In 2006 there were huge expectations that an EOR application could be found in Norway; the idea was that we could produce gas in huge quantities, produce electricity and send this to Europe then use the CO2 for EOR and produce more oil. The idea seemed too good to be true and unfortunately it turned out that way.

At that time the oil price was around USD 30 and now it is much higher. There is a renewed interest in the EOR potential of this technology which might change the economics. However, Norway has not been very concerned with the EOR application for around five years and will have to catch up.

Where do you see the main possibilities for partnership between Gassnova and international companies and institutions?

With the new Technology Center of Mongstad (TCM) recently coming online, there are grounds for participation with Gassnova on two fronts. Firstly companies can partner with Gassnova and presently we have Shell, Statoil and Sasol of South Africa as partners in this project. We would like to see other international oil majors joint this program. This would allow these companies to come ringside to the most advanced technology center on the planet for CCS and the fee for entry into this project is very low. Ultimately, the TCM means that CCS research is no longer just a plan but a plant – something that can be used directly for CCS research. There was a hugely positive response to the opening of the TCM because it was an Olympic scaled event in the world of CCS.

Other than being an owner, there is a great opportunity for technology vendors. Siemens, Aker, Mitsubishi and a host of others can test their products utilizing the TCM infrastructure. There are several large scale gas sources allowing them to test their technology with different kinds of exhaust gas, which is a feature that no other test facility has. We have all the support they would need in terms of steam, power, hook ups, laboratories, and offices.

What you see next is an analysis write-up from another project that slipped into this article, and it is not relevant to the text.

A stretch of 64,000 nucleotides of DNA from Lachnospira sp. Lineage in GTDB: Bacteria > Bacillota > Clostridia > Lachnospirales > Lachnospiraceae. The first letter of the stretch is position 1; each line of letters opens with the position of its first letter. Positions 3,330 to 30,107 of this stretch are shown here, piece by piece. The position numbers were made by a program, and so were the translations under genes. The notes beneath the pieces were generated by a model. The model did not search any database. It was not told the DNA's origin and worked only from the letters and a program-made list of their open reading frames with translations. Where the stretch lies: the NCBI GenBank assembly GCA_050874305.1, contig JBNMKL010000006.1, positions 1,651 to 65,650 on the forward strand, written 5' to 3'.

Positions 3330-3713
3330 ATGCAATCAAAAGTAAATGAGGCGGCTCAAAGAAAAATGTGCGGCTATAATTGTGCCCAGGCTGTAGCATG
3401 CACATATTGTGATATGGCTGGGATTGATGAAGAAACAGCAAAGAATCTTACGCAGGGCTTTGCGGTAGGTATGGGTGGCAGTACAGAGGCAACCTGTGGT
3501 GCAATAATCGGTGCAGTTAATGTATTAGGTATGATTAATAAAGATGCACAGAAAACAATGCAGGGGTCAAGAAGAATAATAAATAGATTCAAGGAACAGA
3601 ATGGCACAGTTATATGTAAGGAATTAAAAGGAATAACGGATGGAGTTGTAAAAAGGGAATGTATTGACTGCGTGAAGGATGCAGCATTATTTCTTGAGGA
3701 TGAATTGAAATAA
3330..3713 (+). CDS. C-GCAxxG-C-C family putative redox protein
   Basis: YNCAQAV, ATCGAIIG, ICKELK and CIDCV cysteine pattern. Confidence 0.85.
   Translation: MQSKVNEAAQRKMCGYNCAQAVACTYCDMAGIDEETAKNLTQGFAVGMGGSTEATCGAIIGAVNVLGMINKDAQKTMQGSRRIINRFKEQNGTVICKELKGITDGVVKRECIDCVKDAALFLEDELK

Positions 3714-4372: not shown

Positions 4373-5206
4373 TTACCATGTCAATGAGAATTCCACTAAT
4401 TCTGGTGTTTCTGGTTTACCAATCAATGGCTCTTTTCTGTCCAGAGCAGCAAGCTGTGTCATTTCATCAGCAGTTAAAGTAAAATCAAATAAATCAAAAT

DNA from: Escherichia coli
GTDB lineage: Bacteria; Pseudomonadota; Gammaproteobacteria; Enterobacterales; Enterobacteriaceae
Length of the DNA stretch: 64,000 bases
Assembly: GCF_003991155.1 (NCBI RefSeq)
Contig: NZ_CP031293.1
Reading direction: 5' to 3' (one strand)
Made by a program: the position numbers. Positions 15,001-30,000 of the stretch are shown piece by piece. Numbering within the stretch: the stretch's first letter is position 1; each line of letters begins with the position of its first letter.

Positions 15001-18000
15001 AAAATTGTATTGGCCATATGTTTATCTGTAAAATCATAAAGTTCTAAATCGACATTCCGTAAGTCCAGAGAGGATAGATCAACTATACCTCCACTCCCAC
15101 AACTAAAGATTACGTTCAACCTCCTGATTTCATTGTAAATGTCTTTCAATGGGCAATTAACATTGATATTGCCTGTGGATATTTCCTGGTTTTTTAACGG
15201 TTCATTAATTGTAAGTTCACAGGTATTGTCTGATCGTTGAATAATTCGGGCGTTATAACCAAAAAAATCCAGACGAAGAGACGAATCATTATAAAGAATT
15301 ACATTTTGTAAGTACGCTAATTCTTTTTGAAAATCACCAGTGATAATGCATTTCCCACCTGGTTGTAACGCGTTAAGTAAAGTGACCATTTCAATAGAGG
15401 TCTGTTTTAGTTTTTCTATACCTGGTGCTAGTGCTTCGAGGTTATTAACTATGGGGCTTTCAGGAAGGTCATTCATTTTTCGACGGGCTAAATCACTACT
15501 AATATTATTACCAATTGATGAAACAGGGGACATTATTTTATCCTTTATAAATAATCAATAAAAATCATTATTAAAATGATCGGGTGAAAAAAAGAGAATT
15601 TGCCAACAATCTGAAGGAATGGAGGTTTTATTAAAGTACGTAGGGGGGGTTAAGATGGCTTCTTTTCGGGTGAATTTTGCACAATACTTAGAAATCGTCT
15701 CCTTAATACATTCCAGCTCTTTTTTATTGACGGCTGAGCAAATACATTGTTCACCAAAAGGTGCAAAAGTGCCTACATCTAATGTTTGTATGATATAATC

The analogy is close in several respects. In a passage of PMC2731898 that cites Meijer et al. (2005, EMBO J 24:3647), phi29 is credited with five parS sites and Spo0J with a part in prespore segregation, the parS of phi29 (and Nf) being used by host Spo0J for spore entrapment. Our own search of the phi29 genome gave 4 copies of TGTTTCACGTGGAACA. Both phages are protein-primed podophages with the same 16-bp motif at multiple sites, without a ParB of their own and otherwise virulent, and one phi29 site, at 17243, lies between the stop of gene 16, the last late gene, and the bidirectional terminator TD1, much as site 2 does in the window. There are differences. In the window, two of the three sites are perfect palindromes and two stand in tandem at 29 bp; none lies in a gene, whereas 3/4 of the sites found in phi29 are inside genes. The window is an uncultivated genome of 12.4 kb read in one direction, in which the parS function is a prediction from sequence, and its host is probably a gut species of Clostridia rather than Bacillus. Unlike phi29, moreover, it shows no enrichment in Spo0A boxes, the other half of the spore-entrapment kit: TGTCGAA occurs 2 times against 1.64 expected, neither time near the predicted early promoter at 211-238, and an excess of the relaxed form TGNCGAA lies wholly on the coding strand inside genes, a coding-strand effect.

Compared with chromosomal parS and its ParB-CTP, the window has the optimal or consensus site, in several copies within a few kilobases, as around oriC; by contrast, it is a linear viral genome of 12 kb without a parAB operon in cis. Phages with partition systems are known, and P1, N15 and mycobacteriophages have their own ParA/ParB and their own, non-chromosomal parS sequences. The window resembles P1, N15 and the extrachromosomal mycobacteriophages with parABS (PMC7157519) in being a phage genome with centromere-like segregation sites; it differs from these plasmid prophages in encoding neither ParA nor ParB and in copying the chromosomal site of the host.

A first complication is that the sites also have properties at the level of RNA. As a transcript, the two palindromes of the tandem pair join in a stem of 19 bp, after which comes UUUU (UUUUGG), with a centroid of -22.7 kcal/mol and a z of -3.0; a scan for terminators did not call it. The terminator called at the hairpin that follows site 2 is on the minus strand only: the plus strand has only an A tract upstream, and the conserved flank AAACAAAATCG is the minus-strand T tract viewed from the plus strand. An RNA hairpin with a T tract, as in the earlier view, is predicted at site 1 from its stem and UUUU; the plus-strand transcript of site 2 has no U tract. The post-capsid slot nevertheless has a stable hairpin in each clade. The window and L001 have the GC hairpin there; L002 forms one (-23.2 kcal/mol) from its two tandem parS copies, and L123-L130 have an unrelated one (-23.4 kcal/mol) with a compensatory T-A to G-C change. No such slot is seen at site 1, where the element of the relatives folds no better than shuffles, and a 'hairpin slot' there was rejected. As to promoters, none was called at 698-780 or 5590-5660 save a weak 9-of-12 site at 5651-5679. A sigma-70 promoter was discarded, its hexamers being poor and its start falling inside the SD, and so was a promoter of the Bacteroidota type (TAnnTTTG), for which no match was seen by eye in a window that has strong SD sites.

Do you see any of these technology partnerships being able to deliver a game-changing technology?

Unfortunately, we have not yet found a silver bullet. There are many technologies in their research stage but taking this to a full scale power plant will require more than 10 years. There is a steep learning curve in this development and we are taking an evolutionary approach to making this technology more cost effective. Sound engineering, experiments, mass transfer and heat transfer efficiency are all part of the process. It is not dramatic but this is how very successful technologies have evolved. Even the bicycle was a 200-year old invention. The concept of the bicycle is very old but the latest technologies are still driving excitement. I see CCS development in a similar way.

What do you see Gassnova contributing to the global CCS field over the coming years?

Gassnova is making a huge effort at the moment at the TCM and we are in the planning stage for a full-scale plant at Mongstad. The government is going to make an investment decision in 2016 and we are in the planning stages. This is one of our major goals.

I believe that ultimate success will depend on whether we can provide the platform for new technologies to be developed and verified to the point where industry is satisfied that it works, how it works and the economics so that when the financial incentives for this industry finally emerge, these companies can be confident that CCS technologies will work. This is the point where Gassnova can sit back and let the industry develop on its own accord. It is really the industry which needs to carry this forward. I would advise international companies interested in this field to come to Mongstad and see what we are doing at the moment in order to be part of this future technology.